Porter is a dark style of beer originating in London in the 18th Century. The name came about as a result of its popularity with street and river porters. Most traditional British brewing documentation from the 1700s state that Porter was a blend of three different styles: an old ale (stale or soured), a new ale (brown or pale ale) and a weak one (mild ale), with various combinations of blending and staleness. The end result was also commonly known as “Entire Butt” or “Three Threads” and had a pleasing taste of neither new nor old.
In general, the porter is a top-fermented beer that uses black or chocolate malts to create a beer that ranges in color from dark brown to almost black. The taste of a porter should be spicy, chocolaty and be dominated by a distinctive dark malt or roasted grain flavor, with a slight sweetness. They also tend to be well hopped and the hoppiness can range from bitter to mild.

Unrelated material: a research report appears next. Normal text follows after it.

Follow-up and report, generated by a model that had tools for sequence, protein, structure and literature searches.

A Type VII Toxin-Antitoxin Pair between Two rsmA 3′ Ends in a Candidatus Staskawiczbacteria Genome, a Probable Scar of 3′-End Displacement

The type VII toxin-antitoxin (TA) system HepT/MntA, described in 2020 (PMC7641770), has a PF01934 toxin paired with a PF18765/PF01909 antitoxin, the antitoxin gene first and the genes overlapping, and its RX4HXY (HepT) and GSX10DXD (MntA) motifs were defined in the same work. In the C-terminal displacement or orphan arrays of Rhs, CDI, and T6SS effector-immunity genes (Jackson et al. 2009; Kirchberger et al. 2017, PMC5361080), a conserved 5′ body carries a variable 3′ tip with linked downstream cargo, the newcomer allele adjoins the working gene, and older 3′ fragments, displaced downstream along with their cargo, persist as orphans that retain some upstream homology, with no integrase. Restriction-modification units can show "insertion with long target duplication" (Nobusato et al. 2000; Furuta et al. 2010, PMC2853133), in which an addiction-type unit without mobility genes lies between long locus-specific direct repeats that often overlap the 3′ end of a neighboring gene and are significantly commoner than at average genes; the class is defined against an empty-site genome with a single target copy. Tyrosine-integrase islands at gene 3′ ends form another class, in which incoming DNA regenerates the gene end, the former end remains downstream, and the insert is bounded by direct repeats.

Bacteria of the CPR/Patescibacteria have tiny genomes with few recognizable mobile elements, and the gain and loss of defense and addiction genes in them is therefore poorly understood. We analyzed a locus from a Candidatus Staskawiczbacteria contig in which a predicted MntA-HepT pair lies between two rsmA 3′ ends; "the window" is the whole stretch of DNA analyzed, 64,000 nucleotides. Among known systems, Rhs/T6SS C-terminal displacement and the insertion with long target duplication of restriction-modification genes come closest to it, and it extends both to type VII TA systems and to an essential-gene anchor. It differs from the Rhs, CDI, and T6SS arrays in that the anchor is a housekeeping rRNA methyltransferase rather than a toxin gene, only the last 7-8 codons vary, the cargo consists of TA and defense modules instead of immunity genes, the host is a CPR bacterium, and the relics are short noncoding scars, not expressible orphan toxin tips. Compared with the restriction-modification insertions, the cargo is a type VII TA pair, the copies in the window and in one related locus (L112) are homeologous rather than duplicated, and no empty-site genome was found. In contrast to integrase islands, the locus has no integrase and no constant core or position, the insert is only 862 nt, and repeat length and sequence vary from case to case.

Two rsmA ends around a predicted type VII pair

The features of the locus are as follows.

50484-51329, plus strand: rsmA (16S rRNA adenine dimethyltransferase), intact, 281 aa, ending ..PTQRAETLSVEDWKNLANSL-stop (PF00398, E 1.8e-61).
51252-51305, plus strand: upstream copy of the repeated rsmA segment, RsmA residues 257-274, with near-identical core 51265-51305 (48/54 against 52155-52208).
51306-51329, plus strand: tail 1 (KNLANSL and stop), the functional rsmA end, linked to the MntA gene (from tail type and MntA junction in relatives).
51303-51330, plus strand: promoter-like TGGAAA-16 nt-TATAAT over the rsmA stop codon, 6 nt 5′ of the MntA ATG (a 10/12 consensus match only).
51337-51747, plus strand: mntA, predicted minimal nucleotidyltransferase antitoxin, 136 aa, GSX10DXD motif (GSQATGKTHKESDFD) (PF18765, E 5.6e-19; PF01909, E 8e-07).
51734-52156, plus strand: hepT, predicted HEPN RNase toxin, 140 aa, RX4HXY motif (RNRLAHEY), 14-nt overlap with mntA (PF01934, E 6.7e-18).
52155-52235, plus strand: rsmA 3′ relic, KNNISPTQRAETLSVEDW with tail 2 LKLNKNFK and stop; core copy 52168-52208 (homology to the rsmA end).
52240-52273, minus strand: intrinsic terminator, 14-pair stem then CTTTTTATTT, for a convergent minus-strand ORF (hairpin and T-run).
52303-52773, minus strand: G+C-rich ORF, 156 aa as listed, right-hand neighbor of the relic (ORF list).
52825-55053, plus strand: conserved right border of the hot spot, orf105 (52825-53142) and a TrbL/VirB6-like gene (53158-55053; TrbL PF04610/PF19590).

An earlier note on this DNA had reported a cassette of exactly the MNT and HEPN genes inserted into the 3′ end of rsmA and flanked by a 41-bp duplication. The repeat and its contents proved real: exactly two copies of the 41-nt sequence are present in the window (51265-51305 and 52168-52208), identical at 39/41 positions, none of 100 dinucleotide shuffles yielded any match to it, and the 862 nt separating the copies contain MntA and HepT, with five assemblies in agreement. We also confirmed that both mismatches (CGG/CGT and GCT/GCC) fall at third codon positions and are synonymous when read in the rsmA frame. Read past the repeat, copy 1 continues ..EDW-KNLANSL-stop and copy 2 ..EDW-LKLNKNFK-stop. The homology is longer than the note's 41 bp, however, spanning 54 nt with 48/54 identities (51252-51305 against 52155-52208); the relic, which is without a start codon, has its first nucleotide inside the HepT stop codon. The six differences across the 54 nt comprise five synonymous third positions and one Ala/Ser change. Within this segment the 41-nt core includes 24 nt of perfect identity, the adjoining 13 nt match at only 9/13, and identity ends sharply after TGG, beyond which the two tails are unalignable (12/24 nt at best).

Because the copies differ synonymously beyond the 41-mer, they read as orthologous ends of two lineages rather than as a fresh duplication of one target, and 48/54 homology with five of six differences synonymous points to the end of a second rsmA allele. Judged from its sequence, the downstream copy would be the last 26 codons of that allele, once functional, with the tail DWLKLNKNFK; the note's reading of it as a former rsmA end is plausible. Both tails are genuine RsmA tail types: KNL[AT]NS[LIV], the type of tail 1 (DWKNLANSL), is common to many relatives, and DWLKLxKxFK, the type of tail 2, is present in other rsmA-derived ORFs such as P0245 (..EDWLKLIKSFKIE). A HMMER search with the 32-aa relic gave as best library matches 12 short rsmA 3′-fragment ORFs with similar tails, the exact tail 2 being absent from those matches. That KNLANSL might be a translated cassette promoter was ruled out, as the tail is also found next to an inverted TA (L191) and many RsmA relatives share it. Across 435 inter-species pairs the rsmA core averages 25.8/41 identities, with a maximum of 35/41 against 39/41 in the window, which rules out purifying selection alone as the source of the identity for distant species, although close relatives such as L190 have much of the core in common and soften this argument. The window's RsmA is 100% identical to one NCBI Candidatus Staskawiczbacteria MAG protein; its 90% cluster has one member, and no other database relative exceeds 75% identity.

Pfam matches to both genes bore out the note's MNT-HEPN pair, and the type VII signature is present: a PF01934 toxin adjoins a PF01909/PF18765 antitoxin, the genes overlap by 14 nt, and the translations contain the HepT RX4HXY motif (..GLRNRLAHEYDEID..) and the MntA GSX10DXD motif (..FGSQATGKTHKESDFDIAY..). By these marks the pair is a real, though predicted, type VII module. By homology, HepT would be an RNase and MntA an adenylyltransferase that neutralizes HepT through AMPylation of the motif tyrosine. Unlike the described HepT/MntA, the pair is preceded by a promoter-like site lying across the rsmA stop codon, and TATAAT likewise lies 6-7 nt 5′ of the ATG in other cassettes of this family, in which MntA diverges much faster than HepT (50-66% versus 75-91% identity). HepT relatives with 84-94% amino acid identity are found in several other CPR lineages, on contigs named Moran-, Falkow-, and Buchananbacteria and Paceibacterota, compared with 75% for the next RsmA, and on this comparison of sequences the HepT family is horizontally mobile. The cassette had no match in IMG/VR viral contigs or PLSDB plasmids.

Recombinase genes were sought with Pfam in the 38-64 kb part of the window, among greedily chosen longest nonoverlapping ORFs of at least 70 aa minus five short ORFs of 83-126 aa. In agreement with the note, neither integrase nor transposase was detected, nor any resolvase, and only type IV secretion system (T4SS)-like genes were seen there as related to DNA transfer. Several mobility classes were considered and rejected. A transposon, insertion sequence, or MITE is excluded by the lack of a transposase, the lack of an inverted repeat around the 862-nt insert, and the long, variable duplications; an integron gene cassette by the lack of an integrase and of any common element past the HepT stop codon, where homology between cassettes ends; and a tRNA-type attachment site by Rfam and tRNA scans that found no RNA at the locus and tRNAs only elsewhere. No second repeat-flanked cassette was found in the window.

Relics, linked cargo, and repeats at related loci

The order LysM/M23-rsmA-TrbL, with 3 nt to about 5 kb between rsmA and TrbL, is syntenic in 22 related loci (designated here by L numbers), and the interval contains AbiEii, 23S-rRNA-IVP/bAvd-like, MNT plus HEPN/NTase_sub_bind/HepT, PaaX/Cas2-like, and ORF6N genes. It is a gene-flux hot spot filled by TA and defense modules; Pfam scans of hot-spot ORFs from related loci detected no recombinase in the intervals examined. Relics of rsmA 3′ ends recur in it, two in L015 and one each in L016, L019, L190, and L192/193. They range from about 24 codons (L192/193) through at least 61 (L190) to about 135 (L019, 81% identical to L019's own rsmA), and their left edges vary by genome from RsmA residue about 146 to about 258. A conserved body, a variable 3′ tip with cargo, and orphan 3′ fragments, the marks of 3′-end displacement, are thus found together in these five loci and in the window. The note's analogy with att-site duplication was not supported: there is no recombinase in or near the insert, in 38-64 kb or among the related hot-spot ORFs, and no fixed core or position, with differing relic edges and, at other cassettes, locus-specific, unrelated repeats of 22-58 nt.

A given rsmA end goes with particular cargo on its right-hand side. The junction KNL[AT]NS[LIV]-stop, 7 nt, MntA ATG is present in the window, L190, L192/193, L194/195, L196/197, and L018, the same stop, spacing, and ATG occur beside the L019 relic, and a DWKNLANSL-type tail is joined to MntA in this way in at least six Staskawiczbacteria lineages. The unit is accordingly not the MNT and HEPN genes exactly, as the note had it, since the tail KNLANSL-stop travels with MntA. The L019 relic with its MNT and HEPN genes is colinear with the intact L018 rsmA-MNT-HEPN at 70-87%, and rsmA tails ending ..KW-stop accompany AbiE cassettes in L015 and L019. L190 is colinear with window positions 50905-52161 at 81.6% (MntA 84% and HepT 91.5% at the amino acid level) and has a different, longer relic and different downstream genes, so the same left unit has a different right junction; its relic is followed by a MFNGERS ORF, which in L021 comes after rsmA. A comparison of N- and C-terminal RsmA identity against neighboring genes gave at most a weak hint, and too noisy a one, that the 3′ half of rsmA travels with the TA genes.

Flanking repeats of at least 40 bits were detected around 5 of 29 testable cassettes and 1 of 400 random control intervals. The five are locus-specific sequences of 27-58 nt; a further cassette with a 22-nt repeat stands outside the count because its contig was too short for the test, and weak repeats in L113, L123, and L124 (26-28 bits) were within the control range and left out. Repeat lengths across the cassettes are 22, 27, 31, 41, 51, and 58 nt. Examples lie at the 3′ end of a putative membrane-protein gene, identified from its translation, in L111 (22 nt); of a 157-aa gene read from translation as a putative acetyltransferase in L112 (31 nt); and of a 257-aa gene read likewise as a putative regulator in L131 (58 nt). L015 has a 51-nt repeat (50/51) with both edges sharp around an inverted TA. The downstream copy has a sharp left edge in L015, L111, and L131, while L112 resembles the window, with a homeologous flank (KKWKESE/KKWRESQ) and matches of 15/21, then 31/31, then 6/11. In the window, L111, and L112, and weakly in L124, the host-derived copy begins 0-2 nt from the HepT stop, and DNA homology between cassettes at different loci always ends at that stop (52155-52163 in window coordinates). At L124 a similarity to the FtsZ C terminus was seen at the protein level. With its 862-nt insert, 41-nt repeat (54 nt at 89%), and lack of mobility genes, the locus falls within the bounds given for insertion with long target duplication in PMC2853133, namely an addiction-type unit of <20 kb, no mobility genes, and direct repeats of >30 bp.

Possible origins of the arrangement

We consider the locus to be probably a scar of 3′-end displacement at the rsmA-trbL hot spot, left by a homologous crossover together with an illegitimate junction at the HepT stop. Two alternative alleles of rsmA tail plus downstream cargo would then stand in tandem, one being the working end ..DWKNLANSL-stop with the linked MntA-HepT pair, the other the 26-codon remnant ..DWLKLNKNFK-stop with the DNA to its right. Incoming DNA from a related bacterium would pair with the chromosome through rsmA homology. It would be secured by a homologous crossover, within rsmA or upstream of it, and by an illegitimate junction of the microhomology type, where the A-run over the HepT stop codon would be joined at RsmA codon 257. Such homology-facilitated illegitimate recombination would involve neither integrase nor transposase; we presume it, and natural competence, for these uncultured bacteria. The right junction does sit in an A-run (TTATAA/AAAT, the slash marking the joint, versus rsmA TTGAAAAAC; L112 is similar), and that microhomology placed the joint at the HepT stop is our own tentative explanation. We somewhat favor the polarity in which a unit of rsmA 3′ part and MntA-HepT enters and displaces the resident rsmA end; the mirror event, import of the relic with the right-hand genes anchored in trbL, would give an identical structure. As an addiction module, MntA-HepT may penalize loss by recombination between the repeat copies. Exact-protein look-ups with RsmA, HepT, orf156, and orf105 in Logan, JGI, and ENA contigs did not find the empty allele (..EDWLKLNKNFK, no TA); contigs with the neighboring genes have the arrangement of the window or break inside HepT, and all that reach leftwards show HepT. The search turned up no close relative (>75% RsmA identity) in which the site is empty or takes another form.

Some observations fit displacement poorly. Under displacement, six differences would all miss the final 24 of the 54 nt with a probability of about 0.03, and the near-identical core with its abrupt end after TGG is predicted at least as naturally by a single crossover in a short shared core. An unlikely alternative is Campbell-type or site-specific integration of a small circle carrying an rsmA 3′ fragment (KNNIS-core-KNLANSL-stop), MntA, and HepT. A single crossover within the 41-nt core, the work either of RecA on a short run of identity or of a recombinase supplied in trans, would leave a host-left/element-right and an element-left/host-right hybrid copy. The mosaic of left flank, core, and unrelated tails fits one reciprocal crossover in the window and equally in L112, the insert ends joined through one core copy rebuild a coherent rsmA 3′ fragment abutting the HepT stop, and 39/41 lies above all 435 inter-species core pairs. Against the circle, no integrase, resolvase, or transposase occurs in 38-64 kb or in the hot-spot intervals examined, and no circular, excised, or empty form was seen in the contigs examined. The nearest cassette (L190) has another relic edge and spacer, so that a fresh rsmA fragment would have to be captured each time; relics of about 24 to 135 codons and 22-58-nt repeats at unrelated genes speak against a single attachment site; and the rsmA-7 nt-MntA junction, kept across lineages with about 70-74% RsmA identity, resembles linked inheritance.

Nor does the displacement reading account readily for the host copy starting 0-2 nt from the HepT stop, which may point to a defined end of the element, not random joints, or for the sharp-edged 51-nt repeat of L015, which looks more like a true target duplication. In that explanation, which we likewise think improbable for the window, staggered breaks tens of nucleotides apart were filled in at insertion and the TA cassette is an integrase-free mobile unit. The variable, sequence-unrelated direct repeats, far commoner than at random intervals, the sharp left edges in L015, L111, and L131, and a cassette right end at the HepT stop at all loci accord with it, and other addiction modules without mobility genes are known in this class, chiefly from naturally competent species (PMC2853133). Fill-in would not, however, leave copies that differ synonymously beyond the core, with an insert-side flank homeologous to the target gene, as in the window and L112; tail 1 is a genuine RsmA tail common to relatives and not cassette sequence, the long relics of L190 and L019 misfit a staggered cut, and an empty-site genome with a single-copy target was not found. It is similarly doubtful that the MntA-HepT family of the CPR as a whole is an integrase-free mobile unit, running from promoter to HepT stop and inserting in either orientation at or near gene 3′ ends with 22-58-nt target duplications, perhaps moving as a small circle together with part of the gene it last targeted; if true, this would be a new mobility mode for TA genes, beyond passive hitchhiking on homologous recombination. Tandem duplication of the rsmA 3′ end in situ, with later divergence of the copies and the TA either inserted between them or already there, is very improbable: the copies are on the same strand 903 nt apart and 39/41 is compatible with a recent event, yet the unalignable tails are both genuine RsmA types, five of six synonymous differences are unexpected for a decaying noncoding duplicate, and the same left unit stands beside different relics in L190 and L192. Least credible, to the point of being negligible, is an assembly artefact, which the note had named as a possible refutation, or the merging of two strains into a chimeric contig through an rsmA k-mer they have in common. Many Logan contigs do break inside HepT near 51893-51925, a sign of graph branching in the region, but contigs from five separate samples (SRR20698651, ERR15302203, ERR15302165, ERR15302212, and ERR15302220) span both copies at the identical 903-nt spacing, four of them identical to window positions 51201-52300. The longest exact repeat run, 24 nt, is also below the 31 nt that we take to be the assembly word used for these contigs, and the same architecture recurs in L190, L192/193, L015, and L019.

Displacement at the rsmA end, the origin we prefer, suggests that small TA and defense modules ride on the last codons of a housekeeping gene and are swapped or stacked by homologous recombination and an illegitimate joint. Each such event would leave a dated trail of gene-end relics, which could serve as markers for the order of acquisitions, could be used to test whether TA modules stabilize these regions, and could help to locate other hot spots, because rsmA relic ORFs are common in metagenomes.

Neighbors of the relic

Often compared to, or confused with Stouts, porters tend to have a lower alcohol content, lighter body and malt character, and a slightly sweeter taste but….the stout actually gets its name from a porter. The name “stout” for a very dark beer seems to have come about from the name for a strong porter – “extra porter” or “stout porter”. The name would eventually be shortened to just stout.
Porter pairs well with almost any meat dish. But since the brew is such a complex combination of mild flavors I typically enjoy it on its own. Some famous porters are:
Arcadia’s – London Porter
Anchor Brewing Co.’s – Anchor Porter,
Labatt’s – Labatt Porter,
Fuller’s – London Porter
Samuel Smith’s – Taddy Porter
and the one pictured here is Sleeman Fine Porter from Sleeman.